Project: 1.2.5

Coordinated recovery planning for threatened woodlands

Project Leaders: Libby Rumpff

Research in Brief
Of the 19 southern Australian eucalypt woodland communities currently listed as threatened under the Environment Protection and Biodiversity Conservation (EPBC) Act 1999, 15 do not have recovery plans, and in some cases there can be limited conservation guidance for land managers.  

This project will develop a framework to aid EPBC Act listing and recovery processes for southern Australian eucalypt woodlands. The framework will include a generalised conceptual model, identification of the most influential threatening processes, and guidance on management actions to aid recovery. The aim is that this work will contribute directly to the development of future recovery plans for woodland communities in Australia, by providing a template for developing a group recovery plan for multiple ecological communities. 

Why is the research needed?
Eucalypt woodlands constitute some of the most extensive and yet highly cleared and degraded ecosystems in Australia. There are 19 eucalypt woodland communities listed as threatened under the Environment Protection and Biodiversity Conservation (EPBC) Act 1999 (14 Critically Endangered, 5 Endangered) but just 4 of these communities currently have recovery plans.

Conservation and recovery plans are typically developed one at a time, and resources for conservation assessment and recovery planning are limited. As such, there is a critical need for a more resource-efficient approach to the recovery planning process, which can hasten the provision of guidance on appropriate woodland management interventions for land managers.

State-and-transition models (STM) have previously been successfully applied in management contexts to help conservation managers better understand how woodlands function and respond to management actions. The STMs help by articulating the different starting and end points for restoration, clarifying the key threats impeding recovery, and exploring which interventions can be harnessed to best target threats.

Establishing a generalised STM for southern Australian eucalypt woodlands will greatly speed up the delivery of science-based advice to conservation managers. The question is, can we generalise and transfer understanding from one system to another to aid effective conservation management, without losing critical aspects of what defines each distinct woodland type?

Exotic pasture within a grassy woodland system in central Victoria. Photo: Libby Rumpff

How will the research help?
The project will directly contribute to the development of a group recovery plan for EPBC-listed eucalypt woodland communities, provide a template to improve the efficiency of recovery planning for other EPBC-listed communities, and help inform future national listing assessments and conservation advices for woodland communities.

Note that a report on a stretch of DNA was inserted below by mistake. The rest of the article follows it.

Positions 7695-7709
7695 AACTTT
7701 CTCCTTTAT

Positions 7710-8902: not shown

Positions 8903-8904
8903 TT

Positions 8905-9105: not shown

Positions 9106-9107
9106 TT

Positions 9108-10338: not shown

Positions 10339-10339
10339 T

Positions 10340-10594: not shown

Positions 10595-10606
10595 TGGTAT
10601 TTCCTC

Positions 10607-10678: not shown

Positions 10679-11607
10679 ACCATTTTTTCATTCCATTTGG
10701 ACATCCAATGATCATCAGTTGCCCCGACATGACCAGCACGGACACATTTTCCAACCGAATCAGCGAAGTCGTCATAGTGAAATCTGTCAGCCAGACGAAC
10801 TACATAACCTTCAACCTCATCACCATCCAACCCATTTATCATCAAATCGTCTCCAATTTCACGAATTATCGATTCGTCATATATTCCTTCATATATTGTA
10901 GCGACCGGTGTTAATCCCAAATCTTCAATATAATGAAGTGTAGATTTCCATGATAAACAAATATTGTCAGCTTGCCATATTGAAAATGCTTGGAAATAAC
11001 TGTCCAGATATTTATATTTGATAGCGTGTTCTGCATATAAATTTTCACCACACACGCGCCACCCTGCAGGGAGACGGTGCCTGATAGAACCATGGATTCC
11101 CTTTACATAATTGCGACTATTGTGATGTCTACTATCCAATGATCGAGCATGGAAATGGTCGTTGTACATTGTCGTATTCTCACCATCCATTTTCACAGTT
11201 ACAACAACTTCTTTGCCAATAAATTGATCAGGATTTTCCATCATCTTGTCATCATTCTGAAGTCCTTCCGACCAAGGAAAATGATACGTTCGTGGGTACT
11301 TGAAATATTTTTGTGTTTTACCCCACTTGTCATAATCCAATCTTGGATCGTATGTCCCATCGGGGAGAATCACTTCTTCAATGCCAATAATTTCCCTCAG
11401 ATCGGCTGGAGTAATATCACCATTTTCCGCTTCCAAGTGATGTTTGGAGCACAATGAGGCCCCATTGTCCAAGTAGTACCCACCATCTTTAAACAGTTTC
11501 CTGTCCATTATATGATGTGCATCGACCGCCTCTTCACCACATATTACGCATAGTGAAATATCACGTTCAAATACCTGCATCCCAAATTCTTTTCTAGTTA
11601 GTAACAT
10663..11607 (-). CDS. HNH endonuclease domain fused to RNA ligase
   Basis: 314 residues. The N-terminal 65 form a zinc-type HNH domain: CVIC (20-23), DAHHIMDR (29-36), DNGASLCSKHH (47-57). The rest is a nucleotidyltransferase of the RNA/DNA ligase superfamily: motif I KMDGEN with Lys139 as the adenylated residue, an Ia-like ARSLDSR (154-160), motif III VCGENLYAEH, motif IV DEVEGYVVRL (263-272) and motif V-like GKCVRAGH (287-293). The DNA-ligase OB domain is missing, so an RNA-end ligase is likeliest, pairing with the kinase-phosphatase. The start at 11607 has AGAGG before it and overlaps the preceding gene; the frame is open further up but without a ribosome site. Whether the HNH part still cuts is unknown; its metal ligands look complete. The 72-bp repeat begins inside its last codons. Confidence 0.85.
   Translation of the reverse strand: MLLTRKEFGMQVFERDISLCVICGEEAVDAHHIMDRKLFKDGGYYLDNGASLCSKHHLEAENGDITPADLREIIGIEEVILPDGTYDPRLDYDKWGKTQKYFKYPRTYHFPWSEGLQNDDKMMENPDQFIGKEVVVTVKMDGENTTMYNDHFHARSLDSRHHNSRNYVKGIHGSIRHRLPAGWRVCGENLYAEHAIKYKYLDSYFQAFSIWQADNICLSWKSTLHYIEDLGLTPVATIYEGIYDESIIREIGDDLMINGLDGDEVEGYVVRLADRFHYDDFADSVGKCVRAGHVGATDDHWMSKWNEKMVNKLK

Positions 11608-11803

The project aims to synthesise knowledge of how woodlands function and respond to different threats and management strategies in order to provide generalised advice on woodland condition states, management objectives and actions.

We see that the approach here could be adapted to other ecological community types in the future, to enable more rapid and efficient development of recovery plans, including multiple-community plans.

What research activities are being undertaken?
This research will deliver STMs for a selection of southern Australian temperate woodlands. Through workshops and surveys with conservation managers and planners the team will:

  • Evaluate which natural and key threatening processes are most influential in enacting transitions across the spectrum of woodlands.
  • Explore existing data/knowledge and utilise expert opinion to inform the development of STM models.
  • Specify and compare STMs from diverse woodlands to identify the points of similarity and difference in states of condition and transitional pathways, key threatening processes, and management efficacy.

This ecological knowledge base may then be used to justify the need for differentiated management approaches that aim to improve threat management and recover these systems. 

Who is involved?
The project is led by the University of Melbourne who are collaborating with the Australian Government Department of the Environment and Energy, SA Department for Environment and Water, WA Department of Biodiversity Conservation and Attractions, Parks Victoria, NSW Office of Environment and Heritage, CSIRO and Goulburn-Broken Catchment Management Authority.

Where is the research happening?
The research applies to southern Australian eucalypt woodland communities in New South Wales, the Australian Capital Territory, Victoria, South Australia, Tasmania and Western Australia.

When is the research happening?
This project commenced in 2018 and will continue until September 2019.

Further Information
For more information please contact:
Libby Rumpff -
Hannah Fraser -

Top image: Surveying a gilgai woodland in a north-central Victorian landscape. Photo: Libby Rumpff
Project Partners